“Nothing in nature blooms all year. Be patient with yourself.” — Karen Salmansohn
I have never considered myself to be a patient person. Neither do any of the people who know me well. I have thrown my share of fits when someone cuts me off in traffic or doesn’t acknowledge when I’ve done something to help them out in some small way. I’m not the only one, right? I mean, I’m only human. That being said, I would like to think I’ve got the ability to practice patience in some of the most trying of situations (i.e., when one of my daughters has experienced one of the ever so wonderful teenage emotional meltdowns).
In my own life, though, I have struggled to find patience with myself. I would say that I enjoy most aspects of my life. I’ve got a wonderful family, awesome dogs, a very nice career, good friends (not many, but those I do have I consider to be true friends, and they are all I truly need).
So why am I constantly questioning my decisions that have led me to where I am? I always wonder if I’m in the right job, if I’ve made the right decisions when it comes to my kids, etc. I think we all do this, to some extent. Times when our inner voice says, “This was good, but not good enough.” Or, “Why didn’t you do this?” Things like that. It’s an abusive relationship like any other, but we ignore it because it’s us abusing OUR OWN SELVES. Crazy, right?
I think if we took the time to slow down once in awhile and really pay attention to what is going on around us, it would go a long way towards helping us find that patience we so desperately need.
Several times this week, I journaled about my constant questioning of my own abilities. I was getting frustrated because I am not sure why I’m doing this to myself all the time as of late, moreso than ever before. And then I had a lightbulb moment.
I thought back to when I first began practicing yoga, to DVDs, way back in 1999. It took me a solid year before I went to a live yoga class because my body was so stiff that I was embarrassed to be in a room with others. But I finally did attend a live class, and I STILL could not do many things the other students could do. But I kept at it.
Chaturanga was my nemesis. I just couldn’t seem to make my way down without dropping my knees as a modification. And then suddenly, I could do it without modifying. It probably took me about 3 or 4 months. Honestly, I’m not sure how long it took. I just know that I worked, and worked…and worked…until one day I could do it. Hmmm…maybe I actually have some patience after all. For the things I really want, anyway.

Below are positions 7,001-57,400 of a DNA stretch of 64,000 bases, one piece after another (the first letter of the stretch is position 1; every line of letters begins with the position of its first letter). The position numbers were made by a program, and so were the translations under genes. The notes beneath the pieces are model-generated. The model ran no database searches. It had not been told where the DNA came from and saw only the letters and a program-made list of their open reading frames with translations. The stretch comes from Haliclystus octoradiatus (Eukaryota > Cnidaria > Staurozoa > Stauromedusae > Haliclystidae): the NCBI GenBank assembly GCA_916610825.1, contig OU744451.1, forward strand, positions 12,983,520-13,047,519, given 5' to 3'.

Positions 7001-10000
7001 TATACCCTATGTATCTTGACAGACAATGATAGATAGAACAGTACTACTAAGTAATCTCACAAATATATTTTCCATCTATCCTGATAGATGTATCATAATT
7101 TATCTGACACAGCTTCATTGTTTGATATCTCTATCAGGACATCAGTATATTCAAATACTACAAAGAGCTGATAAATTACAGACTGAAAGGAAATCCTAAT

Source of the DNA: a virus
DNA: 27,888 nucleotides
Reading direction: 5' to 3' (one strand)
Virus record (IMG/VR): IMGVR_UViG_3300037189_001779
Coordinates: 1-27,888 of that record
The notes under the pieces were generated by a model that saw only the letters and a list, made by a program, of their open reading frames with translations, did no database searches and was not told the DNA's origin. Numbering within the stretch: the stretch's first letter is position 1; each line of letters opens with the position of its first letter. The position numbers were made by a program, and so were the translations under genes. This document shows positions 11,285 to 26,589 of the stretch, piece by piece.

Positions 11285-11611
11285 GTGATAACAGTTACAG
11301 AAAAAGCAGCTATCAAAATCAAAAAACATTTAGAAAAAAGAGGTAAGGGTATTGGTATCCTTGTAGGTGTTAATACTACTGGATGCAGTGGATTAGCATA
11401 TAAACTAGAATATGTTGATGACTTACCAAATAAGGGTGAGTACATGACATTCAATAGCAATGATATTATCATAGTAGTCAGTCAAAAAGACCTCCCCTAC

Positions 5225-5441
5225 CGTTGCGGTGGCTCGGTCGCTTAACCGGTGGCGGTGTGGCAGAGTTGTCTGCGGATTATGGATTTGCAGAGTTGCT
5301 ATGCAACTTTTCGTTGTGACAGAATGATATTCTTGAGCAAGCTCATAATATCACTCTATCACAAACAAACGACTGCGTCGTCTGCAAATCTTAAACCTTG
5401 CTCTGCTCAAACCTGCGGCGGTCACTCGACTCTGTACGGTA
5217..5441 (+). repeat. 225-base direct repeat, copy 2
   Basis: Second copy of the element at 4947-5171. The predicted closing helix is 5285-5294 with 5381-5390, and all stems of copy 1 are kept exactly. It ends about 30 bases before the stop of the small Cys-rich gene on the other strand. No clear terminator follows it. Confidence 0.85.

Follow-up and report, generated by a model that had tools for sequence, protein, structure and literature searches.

Thinking on that this week — how I had the patience to work at learning Chaturanga — made me realize how so much of my life outside of yoga is stifled by my pattern of rushing to the finish. I tell myself that certain things are out of reach for me, and so they are. I simply give up, rather than following the foundational steps of getting there. But I am strong enough and capable enough to do lots of things. With my yoga practice, I’ve done the work needed to move to the next level in poses. In yoga, I’ve fallen many times — too many to count. But I always get back up and try again, taking my time. I collect myself after landing on my mat, I think about what I could have done differently, and then I try again. Over and over.
So this week, it suddenly hit me that I don’t need to be perfect as a mom, or in my career, or anything else. I simply have to be patient with myself. Easier said than done, I know. However, if I can remember the lessons I’ve learned on my mat, the patience I’ve cultivated as I am tackling something new in my practice…well, maybe I can eventually approach the situations in my life off the mat in the same way.
What about you? When you fall, do you let yourself tumble down into a state of disappointment or depression? Do you become a victim? Or do you accept it, learn from it, and then try again?
I think that if you can accept where you land…if you can accept the good, the bad and the ugly, and sit with it in contemplation…then that is when the magic happens.
4 thoughts on “Patience is a process”
Melanie, you are an inspiration. I can’t believe how much you juggle and still find time to share and motivate others. At my advanced age, I am still learning to live in the moment. I have discovered that the next moment may be a lot better or a lot worse.. either way, it’s important to enjoy and learn from the one I’m in. If I had mastered living in the moment at a younger age maybe… oh, well, there I go questioning myself. I must be patient… Thanks.
You just made my day! Thank you for these words!